S for St Ninians
The artificial hillocks of St Ninians may seem a strange inclusion in a listing of Fife Hills. However, in 2020 two out of the three hillocks gained Tump status (hill with 30m and upward prominence) and thus earned themselves a place in the Database of British and Irish Hills.
The hillocks of St Ninians are a landart form designed by Charles Jenks, created on the site of a former open cast mine. Locally controversial, as the original plans were never completed, it is still an obvious landmark when viewed from the M90 near Kelty. The highest of the hillocks is St Ninians East at 181m. This is the hill that attracts the most attention as its summit is adorned with three sculpture features and an avenue of machinery. Access to the summit is via spiral paths often referred to as the walnut whip.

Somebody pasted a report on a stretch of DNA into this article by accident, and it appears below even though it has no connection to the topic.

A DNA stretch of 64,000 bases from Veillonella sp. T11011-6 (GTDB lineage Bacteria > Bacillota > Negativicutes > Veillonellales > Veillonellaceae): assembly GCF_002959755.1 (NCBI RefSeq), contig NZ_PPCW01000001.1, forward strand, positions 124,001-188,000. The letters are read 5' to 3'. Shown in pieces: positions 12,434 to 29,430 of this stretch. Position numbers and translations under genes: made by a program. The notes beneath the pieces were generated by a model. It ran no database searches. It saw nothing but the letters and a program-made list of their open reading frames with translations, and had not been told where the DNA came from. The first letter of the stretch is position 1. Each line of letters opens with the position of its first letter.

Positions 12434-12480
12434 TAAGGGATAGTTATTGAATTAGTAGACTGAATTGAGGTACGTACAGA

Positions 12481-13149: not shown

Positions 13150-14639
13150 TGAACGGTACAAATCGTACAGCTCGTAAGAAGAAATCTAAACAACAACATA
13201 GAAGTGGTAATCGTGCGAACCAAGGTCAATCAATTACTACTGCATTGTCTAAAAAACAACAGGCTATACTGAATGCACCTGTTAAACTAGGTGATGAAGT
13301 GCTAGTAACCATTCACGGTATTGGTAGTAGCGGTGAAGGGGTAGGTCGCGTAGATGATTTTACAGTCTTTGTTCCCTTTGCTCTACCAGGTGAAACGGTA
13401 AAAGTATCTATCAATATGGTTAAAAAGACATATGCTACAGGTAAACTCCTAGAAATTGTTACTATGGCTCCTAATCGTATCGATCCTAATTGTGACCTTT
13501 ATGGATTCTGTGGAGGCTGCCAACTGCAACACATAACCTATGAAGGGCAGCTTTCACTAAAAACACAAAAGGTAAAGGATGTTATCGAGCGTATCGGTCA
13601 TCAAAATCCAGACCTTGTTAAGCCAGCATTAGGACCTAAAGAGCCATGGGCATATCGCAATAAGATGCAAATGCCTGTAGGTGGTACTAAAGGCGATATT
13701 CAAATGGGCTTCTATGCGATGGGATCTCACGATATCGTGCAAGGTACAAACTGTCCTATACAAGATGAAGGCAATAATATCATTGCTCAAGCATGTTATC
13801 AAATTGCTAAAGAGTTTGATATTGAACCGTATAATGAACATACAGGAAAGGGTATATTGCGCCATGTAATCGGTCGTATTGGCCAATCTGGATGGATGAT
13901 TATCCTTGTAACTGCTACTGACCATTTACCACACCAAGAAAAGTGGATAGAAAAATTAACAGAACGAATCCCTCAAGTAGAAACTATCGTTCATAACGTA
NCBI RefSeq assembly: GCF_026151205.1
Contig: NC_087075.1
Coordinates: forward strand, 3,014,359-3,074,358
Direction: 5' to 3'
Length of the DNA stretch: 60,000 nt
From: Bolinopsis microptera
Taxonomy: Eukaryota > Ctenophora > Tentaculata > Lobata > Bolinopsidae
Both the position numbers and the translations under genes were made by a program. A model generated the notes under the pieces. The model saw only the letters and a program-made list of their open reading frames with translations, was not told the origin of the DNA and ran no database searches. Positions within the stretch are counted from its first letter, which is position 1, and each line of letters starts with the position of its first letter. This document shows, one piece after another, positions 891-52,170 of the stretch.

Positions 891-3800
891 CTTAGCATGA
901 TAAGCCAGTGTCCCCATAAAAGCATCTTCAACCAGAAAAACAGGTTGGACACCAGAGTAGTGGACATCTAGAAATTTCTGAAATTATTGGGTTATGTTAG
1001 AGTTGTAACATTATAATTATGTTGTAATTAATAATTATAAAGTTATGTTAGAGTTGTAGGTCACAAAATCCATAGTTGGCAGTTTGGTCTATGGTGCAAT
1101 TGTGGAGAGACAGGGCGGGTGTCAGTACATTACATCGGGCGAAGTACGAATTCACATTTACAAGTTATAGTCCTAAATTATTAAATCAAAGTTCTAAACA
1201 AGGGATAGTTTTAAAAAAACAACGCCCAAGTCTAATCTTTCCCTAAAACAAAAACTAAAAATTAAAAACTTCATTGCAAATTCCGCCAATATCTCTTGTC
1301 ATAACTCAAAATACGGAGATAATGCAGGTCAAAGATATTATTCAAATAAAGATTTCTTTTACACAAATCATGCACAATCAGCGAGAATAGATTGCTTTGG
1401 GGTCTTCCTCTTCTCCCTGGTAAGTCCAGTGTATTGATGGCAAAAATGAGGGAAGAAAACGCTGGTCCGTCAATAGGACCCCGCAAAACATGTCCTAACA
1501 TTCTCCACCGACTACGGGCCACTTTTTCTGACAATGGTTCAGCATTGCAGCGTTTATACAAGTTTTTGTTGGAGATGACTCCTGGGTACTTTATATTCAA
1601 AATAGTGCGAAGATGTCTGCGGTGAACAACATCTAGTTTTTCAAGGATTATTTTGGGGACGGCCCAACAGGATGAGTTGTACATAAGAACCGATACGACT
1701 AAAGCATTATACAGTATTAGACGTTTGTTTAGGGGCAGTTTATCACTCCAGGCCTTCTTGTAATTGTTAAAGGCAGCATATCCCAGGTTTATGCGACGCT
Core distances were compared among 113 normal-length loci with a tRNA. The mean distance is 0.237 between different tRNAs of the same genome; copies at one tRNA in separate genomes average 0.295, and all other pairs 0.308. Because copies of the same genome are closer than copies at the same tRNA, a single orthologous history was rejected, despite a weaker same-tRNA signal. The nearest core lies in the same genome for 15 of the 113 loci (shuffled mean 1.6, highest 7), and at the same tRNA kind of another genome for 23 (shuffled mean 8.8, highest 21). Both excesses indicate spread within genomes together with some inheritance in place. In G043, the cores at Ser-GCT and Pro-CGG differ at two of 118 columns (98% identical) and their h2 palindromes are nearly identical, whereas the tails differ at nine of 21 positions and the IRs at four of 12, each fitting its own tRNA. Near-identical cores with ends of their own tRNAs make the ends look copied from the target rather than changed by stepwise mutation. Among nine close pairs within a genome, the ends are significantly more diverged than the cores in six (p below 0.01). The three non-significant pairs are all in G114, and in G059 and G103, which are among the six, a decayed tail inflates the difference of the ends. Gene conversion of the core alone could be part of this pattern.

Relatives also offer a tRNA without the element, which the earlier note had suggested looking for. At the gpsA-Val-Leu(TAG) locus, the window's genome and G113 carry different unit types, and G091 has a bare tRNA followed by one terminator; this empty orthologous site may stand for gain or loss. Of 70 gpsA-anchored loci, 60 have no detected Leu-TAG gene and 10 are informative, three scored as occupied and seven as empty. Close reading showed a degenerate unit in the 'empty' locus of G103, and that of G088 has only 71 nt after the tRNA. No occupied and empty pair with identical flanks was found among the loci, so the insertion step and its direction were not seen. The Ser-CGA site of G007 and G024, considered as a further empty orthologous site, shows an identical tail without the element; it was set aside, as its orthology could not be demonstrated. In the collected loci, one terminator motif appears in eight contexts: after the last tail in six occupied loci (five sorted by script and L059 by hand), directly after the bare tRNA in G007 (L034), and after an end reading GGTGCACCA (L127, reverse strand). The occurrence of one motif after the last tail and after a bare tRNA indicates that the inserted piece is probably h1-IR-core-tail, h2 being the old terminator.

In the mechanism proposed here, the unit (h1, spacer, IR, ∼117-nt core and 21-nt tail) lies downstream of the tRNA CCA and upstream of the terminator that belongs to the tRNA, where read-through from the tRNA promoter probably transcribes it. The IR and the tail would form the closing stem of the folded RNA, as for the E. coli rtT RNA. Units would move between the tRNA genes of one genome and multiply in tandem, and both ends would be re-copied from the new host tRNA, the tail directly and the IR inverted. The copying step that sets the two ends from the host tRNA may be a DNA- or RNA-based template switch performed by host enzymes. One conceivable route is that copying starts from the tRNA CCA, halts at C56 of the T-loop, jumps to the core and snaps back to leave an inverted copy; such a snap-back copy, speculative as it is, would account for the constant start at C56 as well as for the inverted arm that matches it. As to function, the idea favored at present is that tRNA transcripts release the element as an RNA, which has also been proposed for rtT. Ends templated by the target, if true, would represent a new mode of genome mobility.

Whilst it is the modern open cast heritage which most people will associate with the area, it is also worth bearing in mind that this is the site of the lost mining village of Lassodie. Once, a thriving community was located here.
The long distance path, the Fife Pilgrim Way, skirts alongside the hills, and walkers on this route can easily make a diversion up St Ninians East.
The area can be approached from the north, east or south. The southern approach from Kingseat along the route of the Fife Pilgrim Way is probably the most scenic. When using this approach, the walker crosses the causeway at Loch Fitty with the hills and sculptures on the skyline providing a tantalising glimpse of what lies ahead.
More information on walking in the St Ninians area is available from Fife Walking.